Why Gluten Is Bad For Brain

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Gluten has no doubt impact your nervous system: persons with celiac disease and non-celiac gluten sensitivity report symptoms ranging from headaches to brain fog to peripheral neuropathy (tingling in your extremities).

Epilepsy, depression, and anxiety are all prevalent neurological diseases in gluten-sensitive people. A limited proportion of people are also affected with gluten ataxia, a dangerous autoimmune disorder.

Gluten consumption has been linked to illnesses like schizophrenia and bipolar disorder in a small number of people. However, the research does not yet indicate who might be harmed, despite revealing that a gluten-free diet can aid certain people. 1 Here’s a list of the neurological disorders that gluten can cause.

nerve connections in a lady
Getty Images/Pasieka
Anxiety and Depression
According to research, celiac disease patients had considerably more significant rates of sadness and anxiety than the general population.

Although the links between the disorders are less evident because they haven’t been examined sufficiently, those who test negative for celiac disease but are diagnosed with gluten sensitivity also report greater levels of sadness and anxiety.

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It’s unclear why gluten consumption causes these two neurological disorders. Gluten-related intestinal damage, according to researchers, may induce nutritional shortages in celiac disease patients, leading to depression and anxiety (deficits in specific B vitamins can cause some symptoms). 2

That, however, does not explain why those with non-celiac gluten sensitivity (who do not have intestinal damage from gluten) also experience those two mental illnesses.

Some gluten sensitivity experts, including New Zealand pediatrician Dr. Rodney Ford, have proposed that gluten causes these diseases by directly affecting your brain, although this notion has yet to be validated. If you suffer from depression or anxiety as a result of gluten, you’re not alone. 3

ADHD and Brain Fog
Many people who have celiac disease or gluten sensitivity can detect whether they’ve been gluten inadvertently. Their minds fog up, making them feel ineffective, if not foolish and clumsy. This syndrome, known as brain fog, has gotten little attention, but it’s a typical sign of celiac disease and gluten sensitivity. 4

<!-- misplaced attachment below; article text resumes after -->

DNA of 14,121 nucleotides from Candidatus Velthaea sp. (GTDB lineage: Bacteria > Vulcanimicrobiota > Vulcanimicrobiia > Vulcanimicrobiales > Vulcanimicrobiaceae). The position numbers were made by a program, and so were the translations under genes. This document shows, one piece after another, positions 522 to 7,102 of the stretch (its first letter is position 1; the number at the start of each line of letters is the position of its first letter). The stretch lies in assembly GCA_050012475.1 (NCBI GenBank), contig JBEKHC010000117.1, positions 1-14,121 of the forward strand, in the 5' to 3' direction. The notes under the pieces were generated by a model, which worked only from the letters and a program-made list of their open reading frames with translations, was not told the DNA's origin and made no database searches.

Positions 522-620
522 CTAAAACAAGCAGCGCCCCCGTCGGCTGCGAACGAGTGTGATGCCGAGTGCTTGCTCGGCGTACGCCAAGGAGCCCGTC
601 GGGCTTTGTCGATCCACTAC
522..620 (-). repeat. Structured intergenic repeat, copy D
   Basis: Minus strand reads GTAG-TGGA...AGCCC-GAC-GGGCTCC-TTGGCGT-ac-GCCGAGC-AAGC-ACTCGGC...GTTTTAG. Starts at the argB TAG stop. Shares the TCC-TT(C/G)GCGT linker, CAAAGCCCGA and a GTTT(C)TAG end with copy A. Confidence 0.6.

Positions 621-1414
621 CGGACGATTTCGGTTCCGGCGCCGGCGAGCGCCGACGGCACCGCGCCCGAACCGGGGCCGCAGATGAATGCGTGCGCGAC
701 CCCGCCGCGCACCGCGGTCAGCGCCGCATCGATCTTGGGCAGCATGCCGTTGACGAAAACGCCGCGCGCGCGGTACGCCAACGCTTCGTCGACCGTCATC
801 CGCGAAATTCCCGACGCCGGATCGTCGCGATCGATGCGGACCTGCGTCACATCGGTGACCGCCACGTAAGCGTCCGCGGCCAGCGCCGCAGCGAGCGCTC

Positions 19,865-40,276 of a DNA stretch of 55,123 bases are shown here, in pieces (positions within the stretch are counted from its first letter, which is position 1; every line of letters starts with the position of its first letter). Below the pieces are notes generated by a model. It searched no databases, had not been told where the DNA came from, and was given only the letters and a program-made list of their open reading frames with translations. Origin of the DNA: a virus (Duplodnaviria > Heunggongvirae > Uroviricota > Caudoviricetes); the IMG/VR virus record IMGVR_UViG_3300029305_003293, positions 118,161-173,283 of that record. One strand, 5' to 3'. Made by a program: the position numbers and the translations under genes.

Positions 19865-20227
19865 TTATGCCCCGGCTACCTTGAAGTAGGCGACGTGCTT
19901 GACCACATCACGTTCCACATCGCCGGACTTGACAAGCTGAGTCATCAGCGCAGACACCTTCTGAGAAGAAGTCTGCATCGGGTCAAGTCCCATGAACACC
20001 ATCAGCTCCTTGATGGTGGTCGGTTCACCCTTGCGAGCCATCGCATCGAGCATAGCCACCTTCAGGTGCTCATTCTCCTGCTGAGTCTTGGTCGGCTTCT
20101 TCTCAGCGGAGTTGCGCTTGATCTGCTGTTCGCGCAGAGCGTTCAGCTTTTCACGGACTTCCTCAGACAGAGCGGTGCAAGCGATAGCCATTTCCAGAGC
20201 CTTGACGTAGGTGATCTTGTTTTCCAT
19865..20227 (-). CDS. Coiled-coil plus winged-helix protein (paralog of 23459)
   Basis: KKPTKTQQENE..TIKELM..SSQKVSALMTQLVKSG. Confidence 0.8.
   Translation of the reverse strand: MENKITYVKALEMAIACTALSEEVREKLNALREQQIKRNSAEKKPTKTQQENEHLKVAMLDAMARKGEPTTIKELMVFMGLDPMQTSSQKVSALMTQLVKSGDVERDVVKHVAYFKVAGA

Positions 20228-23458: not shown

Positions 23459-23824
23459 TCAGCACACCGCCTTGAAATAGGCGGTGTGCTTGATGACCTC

Another common complaint, both in adults and children, is attention deficit hyperactivity disorder (ADHD). People who have children with gluten issues can speak to the fact that when their diets are gluten-free, their children’s school performance improves dramatically! 5

Migraines
Migraines are frequently listed as symptoms of celiac disease and gluten intolerance. Migraine headache pain is reported by up to one-third of patients with these illnesses. 6

Epilepsy
When neurons in the brain fire improperly, epilepsy develops, resulting in seizures and sometimes coma. Celiac disease has also been linked to a rare epileptic syndrome and bilateral occipital calcifications. 7

Vertigo
Vertigo, often known as dizziness and spinning, is caused by a failure in the inner ear’s balancing system. Two studies suggest a link between Meniere’s disease (a type of vertigo) and celiac disease, however, vertigo is a common complaint among celiac disease patients. 8

Peripheral Neuropathy (PN) is a type of peripheral neuropathy that affects
Peripheral neuropathy is common in people with celiac disease or gluten sensitivity, and it creates a tingling or “pins-and-needles” sensation in their feet and fingers. Damage to the nerves in your extremities causes the feeling, which may improve after you go gluten-free. 9

Bipolar Disorder and Schizophrenia
There have been several reports linking gluten to two severe psychiatric disorders: bipolar disorder and schizophrenia.

A few studies suggest that patients with celiac disease or gluten sensitivity have an increased risk of bipolar illness. There’s also an intriguing study that looked at gluten antibodies in the bloodstream of persons with bipolar disorder and discovered significant levels in those who were having a manic episode. 10

Meanwhile, there has been decades of speculation in schizophrenia that eliminating bread (a significant source of gluten) from a person’s diet can assist. A gluten-free diet has been demonstrated to help people with schizophrenia in studies, but further research is needed. 11

Brain Damage Caused by Autoimmune Disease
Gluten-induced autoimmune disease occurs when your body attacks its tissues as a result of gluten ingestion. Celiac disease (damage to the small intestine), dermatitis herpetiformis (damage to the skin), and gluten ataxia are the three disorders (damage to the brain). 12

Your immune system targets your cerebellum, the area of your brain that controls coordination when you have gluten ataxia. The damage is often irreparable, though a rigorous gluten-free diet can help slow the onset of the disease. 13

Gluten ataxia can hurt the neurological system. It is thought that there are only a few people who have it. Many more persons with celiac disease or gluten sensitivity exhibit symptoms that are comparable to gluten ataxia. 13

Gluten-Free Eating Plan
Without a doubt, celiac illness and gluten sensitivity can cause a wide range of neurological issues and diseases. In many circumstances, however, adhering to a rigorous gluten-free diet will help you minimize or even eliminate your gluten-related neurological symptoms. 1

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